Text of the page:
Dec 1, 2022 by Edward Booth in the Napa Valley Register
Napans curious about Accessory Dwelling Units recently had four chances to check out three different prefabricated models and learn more about ADUs from people involved in the different stages of the ADU construction process.
Across the four events — which were scattered throughout November and located at the CrossWalk Community Church in Napa — about 486 people attended, according to Renée Schomp, director of the Napa Sonoma ADU Center. Most attendees were from Napa, some were from Sonoma, and a few had come from other counties.
Schomp noted that the ADUs at the event were purposefully arranged to give attendees a sense of different sizes and build types. The general point of the in-person events, Schomp said — including a series held in Santa Rosa in July — has been to educate community members about all the options that exist, with Napa County and city of Napa representatives available to give insight on that side of the process.
Along with representatives from the prefab ADU companies, there were representatives from architecture firms — Mayberry Workshop Architecture and Napa Design Partners — who could speak to the process of building an ADU through traditional construction, and representatives from Redwood Credit Union, to speak about their construction loan program that’s specifically for building ADUs.
“What people told me is it was really nice to be able to talk to people in person and see some samples,” Schomp said.
ADUs, also known as “granny flats,” are small, self-contend living units, which can be either detached or attached to a main house. Applications and approvals for ADUs have picked up in recent years since the California state government has established laws that require local municipalities to relax regulations on ADU approvals.
State legislators have framed ADUs as part of a solution to California’s housing crisis, though the need for housing remains considerably higher than what the slowly-increasing stock of ADUs can provide for. But efforts to increase the uptake of ADUs among California residents are ongoing, through education and providing tools that cut down on the complicated process of deciding to build such a unit.
Indeed, the Napa Sonoma ADU Center is essentially tasked with helping to grease the gears of that process, give people the tools to know whether they’d be interested in building one, and figure out whether that’s feasible for them.
“What we see time and again is we need to reduce risk and create as much clarity and certainty about the process and the price as possible,” Schomp said.
The November events also served as a kickoff to the ADU Center’s Accessory Dwelling Unit Plans Program, launched early last month. The program provides an inventory of over 50 ADU sets from a variety of companies, and about half are pre-reviewed by local government building departments for building code compliance.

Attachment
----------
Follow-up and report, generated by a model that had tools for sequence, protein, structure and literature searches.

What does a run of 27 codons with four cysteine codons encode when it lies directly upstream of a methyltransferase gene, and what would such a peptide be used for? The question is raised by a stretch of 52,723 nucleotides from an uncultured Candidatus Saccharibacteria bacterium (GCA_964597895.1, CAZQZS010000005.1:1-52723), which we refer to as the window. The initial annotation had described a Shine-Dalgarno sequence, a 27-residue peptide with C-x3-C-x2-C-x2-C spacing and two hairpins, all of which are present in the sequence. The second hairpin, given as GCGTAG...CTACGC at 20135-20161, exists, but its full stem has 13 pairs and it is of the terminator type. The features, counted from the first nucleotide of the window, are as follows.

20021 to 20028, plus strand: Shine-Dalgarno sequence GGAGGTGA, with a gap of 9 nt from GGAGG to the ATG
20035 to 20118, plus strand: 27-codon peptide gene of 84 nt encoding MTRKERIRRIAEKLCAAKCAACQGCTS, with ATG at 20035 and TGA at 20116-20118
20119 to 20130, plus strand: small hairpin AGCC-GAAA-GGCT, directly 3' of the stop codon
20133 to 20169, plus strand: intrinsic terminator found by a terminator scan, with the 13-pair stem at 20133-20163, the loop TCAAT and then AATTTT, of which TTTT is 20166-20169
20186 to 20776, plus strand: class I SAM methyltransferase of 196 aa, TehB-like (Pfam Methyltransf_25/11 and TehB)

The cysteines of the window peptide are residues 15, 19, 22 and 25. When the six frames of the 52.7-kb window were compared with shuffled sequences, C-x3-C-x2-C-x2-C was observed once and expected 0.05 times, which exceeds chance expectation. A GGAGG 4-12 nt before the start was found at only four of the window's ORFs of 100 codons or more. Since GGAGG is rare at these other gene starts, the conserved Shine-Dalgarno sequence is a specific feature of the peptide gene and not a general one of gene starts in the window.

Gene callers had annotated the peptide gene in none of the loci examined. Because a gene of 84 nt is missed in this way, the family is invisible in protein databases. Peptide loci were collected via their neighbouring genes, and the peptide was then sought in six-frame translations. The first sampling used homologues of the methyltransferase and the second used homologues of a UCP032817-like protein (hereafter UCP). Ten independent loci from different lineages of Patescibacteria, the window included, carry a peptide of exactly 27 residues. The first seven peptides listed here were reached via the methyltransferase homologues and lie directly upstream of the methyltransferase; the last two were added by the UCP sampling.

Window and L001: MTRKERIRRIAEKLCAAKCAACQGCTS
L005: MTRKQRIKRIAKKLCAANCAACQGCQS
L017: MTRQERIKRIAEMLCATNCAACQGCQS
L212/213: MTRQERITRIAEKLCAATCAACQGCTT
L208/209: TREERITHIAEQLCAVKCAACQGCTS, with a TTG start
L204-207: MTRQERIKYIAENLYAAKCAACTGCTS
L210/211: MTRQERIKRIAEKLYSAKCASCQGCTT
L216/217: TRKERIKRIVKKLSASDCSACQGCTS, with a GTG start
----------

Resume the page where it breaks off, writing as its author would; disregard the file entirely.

The structures available at the November ADU events included a 150-square-foot micro ADU from prefabADU, a 460-square-foot ADU from Connect Homes and a 740-square-foot model from Hybrid Prefab Homes.
The 150-square-foot model, Schomp noted, uses a panelized kit, which represents the most flexible build type in terms of building on sloped sites or areas that are harder to access. Construction costs for the unit can range from about $37,500 to $88,200, according to ADU Center website, among other potential fees.
The mid-size Connect Homes model is built to the California Department of Housing and Community Development certification, Schomp said. The ADU Center website estimates the total construction cost of the unit is about $250,000, though delivery and install costs are noted to be slightly higher in Northern California than listed.
And the largest model is built to federal building code standards, and certified by the state, Schomp said. That unit isn’t listed on the ADU Center website and its cost was not immediately available.
Julia DeNatale, vice president of community impact for the Napa Valley Community Foundation — responsible for launching the ADU Center — said in an email that they think the events were very successful. She said the general sentiment from attendees was that it was incredibly helpful to be able to talk with people face to face.
“100 percent of the attendees who responded to a post-event survey and said that they are planning to build an ADU said that the events helped them to better understand the information and/or to develop strategies to accomplish the development,” DeNatale wrote. “The vendors, including local architects and prefab companies, each said that they were following up with multiple local homeowners to begin projects as a result of the events.”